Creating a gold shader in V-Ray for Maya with a metalness workflow

We are at that point again when blog posts I’ve written in the past are obsolete again. For a long time, I was happy with my metal shading workflow and didn’t see the need to update. And I was slow to embrace PBR and didn’t see the need to implement it. But after some encouragement from my colleague, I did some long-overdue research and quickly realized that it was time to re-invent my workflows again. So to test this new workflow using Metalness, I created a gold shader and compared the method to my old approach. 

My old method consisted of using the Complex fresnel OSL shader and feeding values from So basically you needed to type in values for the n and k coefficients for the different wavelengths of light. It was a little bit tedious, but I only had to do it once and could then save them as presets, so it was okay.  

If you, for some reason, want to read more about the old method you can do that here:

But now on the new method. With this, you don’t need any external files at all. All you have to do is punch in values provided in a chart from this article in a standard V-Ray Material: (Worthwhile reading the rest of it as well). 

As soon as I came to terms with the fact that it was okay to have color in the diffuse slot for metal materials, I quickly grew fond of the approach. It’s quicker and simpler to set up and also takes about half the time to render compared to a gold shader with the OSL method.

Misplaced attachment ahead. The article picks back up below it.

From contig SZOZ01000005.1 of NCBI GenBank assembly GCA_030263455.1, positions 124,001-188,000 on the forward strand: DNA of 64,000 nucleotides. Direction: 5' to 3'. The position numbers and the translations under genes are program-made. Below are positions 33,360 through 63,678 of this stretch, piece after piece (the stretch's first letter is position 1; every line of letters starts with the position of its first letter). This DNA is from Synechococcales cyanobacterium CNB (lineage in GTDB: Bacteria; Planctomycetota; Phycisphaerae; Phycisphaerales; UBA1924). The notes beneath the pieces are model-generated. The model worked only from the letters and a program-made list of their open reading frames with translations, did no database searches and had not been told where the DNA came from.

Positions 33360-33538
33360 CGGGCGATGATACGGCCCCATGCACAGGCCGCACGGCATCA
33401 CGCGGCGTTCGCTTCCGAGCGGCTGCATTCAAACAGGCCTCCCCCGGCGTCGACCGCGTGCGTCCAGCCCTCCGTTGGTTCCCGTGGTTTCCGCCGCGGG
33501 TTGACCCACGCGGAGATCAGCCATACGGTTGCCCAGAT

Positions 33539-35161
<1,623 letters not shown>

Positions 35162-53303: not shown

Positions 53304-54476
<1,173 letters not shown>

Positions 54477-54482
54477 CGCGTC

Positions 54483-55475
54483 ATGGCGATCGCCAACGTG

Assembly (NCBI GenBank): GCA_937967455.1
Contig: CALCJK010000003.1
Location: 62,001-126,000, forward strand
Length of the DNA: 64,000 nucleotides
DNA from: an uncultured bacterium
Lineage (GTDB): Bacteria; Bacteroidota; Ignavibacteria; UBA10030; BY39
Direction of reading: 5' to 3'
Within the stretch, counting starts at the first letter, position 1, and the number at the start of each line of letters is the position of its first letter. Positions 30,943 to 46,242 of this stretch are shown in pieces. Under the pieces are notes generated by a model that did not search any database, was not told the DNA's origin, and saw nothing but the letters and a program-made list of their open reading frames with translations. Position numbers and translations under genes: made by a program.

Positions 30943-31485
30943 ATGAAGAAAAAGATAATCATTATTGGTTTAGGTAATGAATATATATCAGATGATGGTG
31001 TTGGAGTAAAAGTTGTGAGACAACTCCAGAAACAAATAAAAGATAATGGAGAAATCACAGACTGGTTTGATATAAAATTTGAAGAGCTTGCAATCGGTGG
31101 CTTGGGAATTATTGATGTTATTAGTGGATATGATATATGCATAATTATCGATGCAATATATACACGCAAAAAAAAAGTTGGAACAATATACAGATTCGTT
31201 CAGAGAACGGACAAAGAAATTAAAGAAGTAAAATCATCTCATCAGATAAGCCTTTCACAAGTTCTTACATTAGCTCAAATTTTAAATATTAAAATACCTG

A note is that this workflow is only possible in V-Ray Next since you need the Metalness checkbox in the material. If you haven’t already upgraded, I highly recommend it. 

Batch render multiple scenes with Maya

Managing renders is a big part of my job as a 3D generalist. Sometimes I have worked on a couple of different Maya scenes during the day and want to render them all over night on my local machine. Starting a batch render from inside of Maya only allows me to render one scene at a time. A workflow that I have found that suits my needs very well, and doesn’t require any external software or render farm setup, is to create a simple Windows batch script (.bat file). All you need is one line of code for each render. An example could look like this:

So basically all you need to specify is where Maya is installed on you computer, where your project is set and what your scene is named. Of course there is more you can do, but this is all you need in my opinion. For example, you can specify which frames to be rendered in the script. But I prefer to skip that unless I want to override the frames I specified in the render settings.

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